Stephan van Hulst wrote:I'm not sure what you mean by the self test. Isn't it already covered by the reflexivity test?
John Mercier wrote:I believe The Car example where speed is ignored by Campbell Ritchie would be and entity but it seems ok to check some of the fields in the equals method. For instance if equals checked an id field for a database entity.
I think that would be fine but maybe the whole class could be final?
I'm only trying to calculate the number of tests needed for equals and hashCode in a class. Since these methods are based entirely on the members of the class I thought the number of tests could be determined ahead of time.
If you make the class final, then your equals() method can be correct whether you use instanceof or getClass(). Assuming we would permit equality to subtype objects, if you take the final modifier off the class, then you are allowed subtypes, and you can't put that modifier back. It also means you would have to change the equals() method if you used getClass().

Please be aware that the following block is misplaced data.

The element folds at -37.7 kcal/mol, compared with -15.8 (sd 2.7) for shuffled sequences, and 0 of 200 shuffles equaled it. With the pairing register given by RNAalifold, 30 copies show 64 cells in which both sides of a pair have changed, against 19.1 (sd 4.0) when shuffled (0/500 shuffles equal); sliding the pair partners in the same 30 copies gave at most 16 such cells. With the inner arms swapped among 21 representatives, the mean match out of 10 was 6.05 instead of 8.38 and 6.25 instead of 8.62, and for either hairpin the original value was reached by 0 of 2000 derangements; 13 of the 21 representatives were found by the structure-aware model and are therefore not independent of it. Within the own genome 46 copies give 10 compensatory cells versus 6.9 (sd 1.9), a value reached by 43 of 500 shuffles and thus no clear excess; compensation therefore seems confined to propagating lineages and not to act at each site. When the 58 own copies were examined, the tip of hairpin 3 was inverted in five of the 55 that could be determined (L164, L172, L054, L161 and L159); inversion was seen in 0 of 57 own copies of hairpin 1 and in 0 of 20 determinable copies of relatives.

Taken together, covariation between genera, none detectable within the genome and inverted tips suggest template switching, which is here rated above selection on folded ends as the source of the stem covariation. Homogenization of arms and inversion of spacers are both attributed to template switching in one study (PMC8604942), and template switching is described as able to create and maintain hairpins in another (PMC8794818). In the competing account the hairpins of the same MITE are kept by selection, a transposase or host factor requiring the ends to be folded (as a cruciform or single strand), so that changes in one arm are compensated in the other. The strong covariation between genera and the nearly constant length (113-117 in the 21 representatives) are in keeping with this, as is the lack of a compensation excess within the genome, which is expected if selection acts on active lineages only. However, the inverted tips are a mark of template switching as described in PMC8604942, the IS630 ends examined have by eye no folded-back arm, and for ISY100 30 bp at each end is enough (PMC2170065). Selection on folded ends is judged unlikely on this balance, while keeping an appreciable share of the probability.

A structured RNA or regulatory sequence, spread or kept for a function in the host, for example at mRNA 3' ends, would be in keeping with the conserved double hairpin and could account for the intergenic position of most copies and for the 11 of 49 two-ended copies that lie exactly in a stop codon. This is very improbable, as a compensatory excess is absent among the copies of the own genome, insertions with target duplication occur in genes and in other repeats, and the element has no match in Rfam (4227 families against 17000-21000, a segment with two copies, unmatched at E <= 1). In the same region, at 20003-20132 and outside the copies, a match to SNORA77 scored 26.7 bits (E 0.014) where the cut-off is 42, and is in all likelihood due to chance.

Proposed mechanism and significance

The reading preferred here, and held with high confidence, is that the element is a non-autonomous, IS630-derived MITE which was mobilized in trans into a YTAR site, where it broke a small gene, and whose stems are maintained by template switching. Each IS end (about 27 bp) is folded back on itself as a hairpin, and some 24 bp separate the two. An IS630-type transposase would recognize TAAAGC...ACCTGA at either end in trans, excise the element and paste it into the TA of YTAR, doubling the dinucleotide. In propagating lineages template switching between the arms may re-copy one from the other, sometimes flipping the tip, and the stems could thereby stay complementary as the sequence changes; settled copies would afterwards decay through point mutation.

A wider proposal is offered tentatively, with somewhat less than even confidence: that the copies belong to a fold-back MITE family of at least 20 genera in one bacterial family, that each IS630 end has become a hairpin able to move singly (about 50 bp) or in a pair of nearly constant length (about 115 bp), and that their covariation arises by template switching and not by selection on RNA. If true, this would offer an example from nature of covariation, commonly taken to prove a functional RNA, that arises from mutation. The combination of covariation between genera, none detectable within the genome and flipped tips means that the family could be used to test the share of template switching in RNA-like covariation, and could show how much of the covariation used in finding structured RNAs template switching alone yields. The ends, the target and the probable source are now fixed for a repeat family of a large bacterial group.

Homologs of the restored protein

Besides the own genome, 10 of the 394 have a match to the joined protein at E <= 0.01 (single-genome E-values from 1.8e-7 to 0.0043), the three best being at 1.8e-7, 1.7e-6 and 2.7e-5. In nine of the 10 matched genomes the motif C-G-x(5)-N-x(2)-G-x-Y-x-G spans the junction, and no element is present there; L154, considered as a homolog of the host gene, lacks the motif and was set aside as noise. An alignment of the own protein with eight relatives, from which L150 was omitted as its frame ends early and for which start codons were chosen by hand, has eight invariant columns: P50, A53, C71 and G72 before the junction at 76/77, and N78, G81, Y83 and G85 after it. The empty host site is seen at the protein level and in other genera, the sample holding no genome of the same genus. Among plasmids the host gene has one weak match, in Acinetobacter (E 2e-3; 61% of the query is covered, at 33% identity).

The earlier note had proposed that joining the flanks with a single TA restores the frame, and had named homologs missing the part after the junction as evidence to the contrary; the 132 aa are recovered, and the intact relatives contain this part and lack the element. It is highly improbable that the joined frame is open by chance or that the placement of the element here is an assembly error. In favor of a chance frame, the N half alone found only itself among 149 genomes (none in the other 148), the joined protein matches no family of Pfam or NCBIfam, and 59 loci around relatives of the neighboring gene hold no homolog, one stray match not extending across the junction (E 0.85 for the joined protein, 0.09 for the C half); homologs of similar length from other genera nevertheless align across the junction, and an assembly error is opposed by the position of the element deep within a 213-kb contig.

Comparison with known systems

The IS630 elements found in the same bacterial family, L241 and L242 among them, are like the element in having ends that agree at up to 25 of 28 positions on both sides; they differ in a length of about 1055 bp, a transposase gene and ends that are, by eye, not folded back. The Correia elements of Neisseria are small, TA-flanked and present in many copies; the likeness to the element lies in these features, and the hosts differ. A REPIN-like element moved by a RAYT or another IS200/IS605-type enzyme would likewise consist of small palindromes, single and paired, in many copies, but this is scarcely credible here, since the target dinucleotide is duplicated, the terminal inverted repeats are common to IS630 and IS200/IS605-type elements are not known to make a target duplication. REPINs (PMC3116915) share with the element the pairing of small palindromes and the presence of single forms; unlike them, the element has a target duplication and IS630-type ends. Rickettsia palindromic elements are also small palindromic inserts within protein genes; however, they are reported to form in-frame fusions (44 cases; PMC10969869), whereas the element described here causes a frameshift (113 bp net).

Stephan van Hulst wrote:. . . I still prefer the instanceof operator in final classes because it also performs the null check. . . .
Stephan van Hulst wrote:assuming you wrote parameterized tests to begin with